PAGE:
Dr. Philip Emeagwali is an American inventor and scientist originating from Africa. He is going to answer the interviewer's questions about African's brain drain and how to turn it to brain gain.
Interviewer: Do skilled Africans have the moral obligation to remain and work in Africa?

Philip: I believe those with skills should be encouraged and rewarded to stay, work and raise their families in Africa. When that happens, a large middle class will be created. Then, a true revitalisation and renaissance will occur.

Interviewer: Should skilled African emigrants be required to return to Africa?

Philip: I believe controlling emigration will be very difficult. Instead, I recommend the United Nations impose a "brain gain tax" upon those nations benefitting from the "brain drain".

Interviewer: I wonder...Eh...Is "brain drain" a form of modern slavery?

Philip: By the end of 21st century, people will have different sensibilities and will describe it as modern day slavery. In 19th century, which was an Agricultural Age, the US economy needed strong hands to pick cotton, and the young and strong were forced into slavery.

In21st century, which is an Information Age, the US economy needs persons with "extraordinary ability" and the best and brightest are lured with Green Card visas. Africans who are illiterate or HIV-positive are automatically denied American visas.

Interviewer: Do you believe that the "brain drain" can be reversed?

Philip: This is what I concerned with. As I always say, "brain drain" is a complex and multidimensional problem that can be reversed into "brain gain".

India is now reversing its "brain drain", and turning it into "brain gain". I believe Africa can do the same. But unless we reverse it, the dream of African renaissance will remain vague.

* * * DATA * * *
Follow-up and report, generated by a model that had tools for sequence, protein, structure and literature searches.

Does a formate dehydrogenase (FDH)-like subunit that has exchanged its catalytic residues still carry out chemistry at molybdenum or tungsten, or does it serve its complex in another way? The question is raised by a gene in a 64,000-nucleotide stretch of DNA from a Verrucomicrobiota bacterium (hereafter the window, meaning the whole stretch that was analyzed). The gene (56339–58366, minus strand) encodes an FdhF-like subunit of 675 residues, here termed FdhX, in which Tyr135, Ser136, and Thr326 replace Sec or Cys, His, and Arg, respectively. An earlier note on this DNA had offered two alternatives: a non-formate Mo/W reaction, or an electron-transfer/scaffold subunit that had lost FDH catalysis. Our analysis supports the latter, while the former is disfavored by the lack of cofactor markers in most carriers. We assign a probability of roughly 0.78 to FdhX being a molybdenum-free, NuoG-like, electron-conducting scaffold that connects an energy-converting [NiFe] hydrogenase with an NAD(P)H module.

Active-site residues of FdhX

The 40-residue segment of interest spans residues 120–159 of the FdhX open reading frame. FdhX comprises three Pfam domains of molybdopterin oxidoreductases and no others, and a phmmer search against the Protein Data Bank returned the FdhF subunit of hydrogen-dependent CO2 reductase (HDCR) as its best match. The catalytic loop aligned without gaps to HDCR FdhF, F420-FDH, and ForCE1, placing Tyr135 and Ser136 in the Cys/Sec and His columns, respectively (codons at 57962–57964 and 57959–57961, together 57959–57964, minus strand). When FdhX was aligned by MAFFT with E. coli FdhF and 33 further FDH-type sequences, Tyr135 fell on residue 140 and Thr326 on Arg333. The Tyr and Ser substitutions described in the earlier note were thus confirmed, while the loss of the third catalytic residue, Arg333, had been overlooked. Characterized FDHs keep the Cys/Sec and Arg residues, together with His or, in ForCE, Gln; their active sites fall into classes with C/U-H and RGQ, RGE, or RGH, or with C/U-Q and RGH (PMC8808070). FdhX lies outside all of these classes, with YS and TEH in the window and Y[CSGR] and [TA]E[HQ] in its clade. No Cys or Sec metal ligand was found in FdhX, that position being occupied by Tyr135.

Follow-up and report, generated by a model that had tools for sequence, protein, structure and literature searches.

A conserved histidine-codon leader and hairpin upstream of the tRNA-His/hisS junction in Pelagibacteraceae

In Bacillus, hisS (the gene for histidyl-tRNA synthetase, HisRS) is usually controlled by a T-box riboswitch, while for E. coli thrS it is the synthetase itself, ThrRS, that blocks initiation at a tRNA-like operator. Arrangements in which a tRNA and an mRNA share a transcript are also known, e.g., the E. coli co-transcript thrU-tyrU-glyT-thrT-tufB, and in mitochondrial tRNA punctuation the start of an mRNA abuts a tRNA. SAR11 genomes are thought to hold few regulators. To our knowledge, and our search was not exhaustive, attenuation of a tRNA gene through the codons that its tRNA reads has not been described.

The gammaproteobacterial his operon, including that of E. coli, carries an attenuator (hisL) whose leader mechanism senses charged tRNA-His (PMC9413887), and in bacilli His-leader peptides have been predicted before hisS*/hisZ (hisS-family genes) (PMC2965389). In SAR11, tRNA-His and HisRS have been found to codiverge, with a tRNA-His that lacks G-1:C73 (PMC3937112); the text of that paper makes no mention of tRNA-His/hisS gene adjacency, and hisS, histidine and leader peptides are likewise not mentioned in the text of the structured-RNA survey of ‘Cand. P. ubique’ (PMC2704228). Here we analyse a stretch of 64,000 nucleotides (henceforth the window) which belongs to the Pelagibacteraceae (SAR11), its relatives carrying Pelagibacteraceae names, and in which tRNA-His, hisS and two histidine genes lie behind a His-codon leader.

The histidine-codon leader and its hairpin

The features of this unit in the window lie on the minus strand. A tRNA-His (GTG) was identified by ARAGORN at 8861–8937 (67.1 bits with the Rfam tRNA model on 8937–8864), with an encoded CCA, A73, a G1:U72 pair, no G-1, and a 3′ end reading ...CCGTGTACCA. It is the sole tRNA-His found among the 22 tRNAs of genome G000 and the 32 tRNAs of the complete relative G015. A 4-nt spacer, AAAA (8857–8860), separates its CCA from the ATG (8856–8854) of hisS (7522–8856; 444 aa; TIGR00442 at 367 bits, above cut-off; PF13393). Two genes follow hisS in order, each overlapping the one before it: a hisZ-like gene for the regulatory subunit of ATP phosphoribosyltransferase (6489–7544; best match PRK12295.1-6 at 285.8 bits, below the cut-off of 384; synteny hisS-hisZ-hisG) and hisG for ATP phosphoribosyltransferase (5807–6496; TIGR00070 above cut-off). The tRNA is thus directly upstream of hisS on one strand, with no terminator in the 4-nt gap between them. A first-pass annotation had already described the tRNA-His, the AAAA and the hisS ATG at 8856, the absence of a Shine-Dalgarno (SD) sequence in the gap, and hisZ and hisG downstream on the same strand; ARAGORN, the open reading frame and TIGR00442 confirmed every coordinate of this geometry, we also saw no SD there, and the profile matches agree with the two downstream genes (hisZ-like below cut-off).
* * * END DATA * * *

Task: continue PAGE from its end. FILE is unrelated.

Interviewer: Why have you lived in the United States for 30 continuous years?

Philip: Africa has bitten at my soul since I left. My roots are still in Africa. My house is filled with Africana food, paintings, music, and clothes- to remind me of Africa.

I long to visit the motherland, but I must confess that when Africa called me to return home, I couldn't answer that call. The reason is that I work on creating new knowledge that could be used to redesign supercomputers. The most powerful supercomputers cost $120 million each and Nigeria could afford to buy one for me.

Interviewer: Can you tell me what your last word to African governments is?

Philip: Finally, I would like to say that millions of high-tech jobs can be performed from Africa, but may instead be lost to India. We must identify the millions of jobs that will be more prifitable when transferred from the United States to Africa. Doing so will enable us to create a brain drain from the nUnited States and convert it to a brain gain for Africa.

Interviewer: Thank you Dr. Philip for accepting to do this interview.

Philip: My pleasure.


  revitalize: to give new life, energy, activity or success to something. Noun: revitalization.

  renaissance: a new growth of activity or interest in something, especially art, literature or music.

  sensibilities: feelings.

  lure: persuade someone to do something or go somewhere by offering them something exciting: "She was lured into the job by tghe offer of a high salary." "Supermarket chains try to lure customers with price discounts.

0035.gif  vague: not clear.

0035.gif  bite (simple past: bit; past particple: bitten): affect badly.
0035.gif  Africana: materials (such as books, documents, or artifacts) relating to African history and culture. (https://www.merriam-webster.com/dictionary/Africana)

0035.gif  long: want something very much.

  confess: admit that you have done something wrong or something that you feel guilty or bad about.

Dr. Philip Emeagwali

Philip Emeagwali is a Nigerian computer scientist. He has been living in the United States for many years. An Igbo,[1] he won the 1989 Gordon Bell Prize ($1,000) for price-performance in high-performance computing applications, in an oil reservoir modeling calculation using a novel mathematical formulation and implementation.

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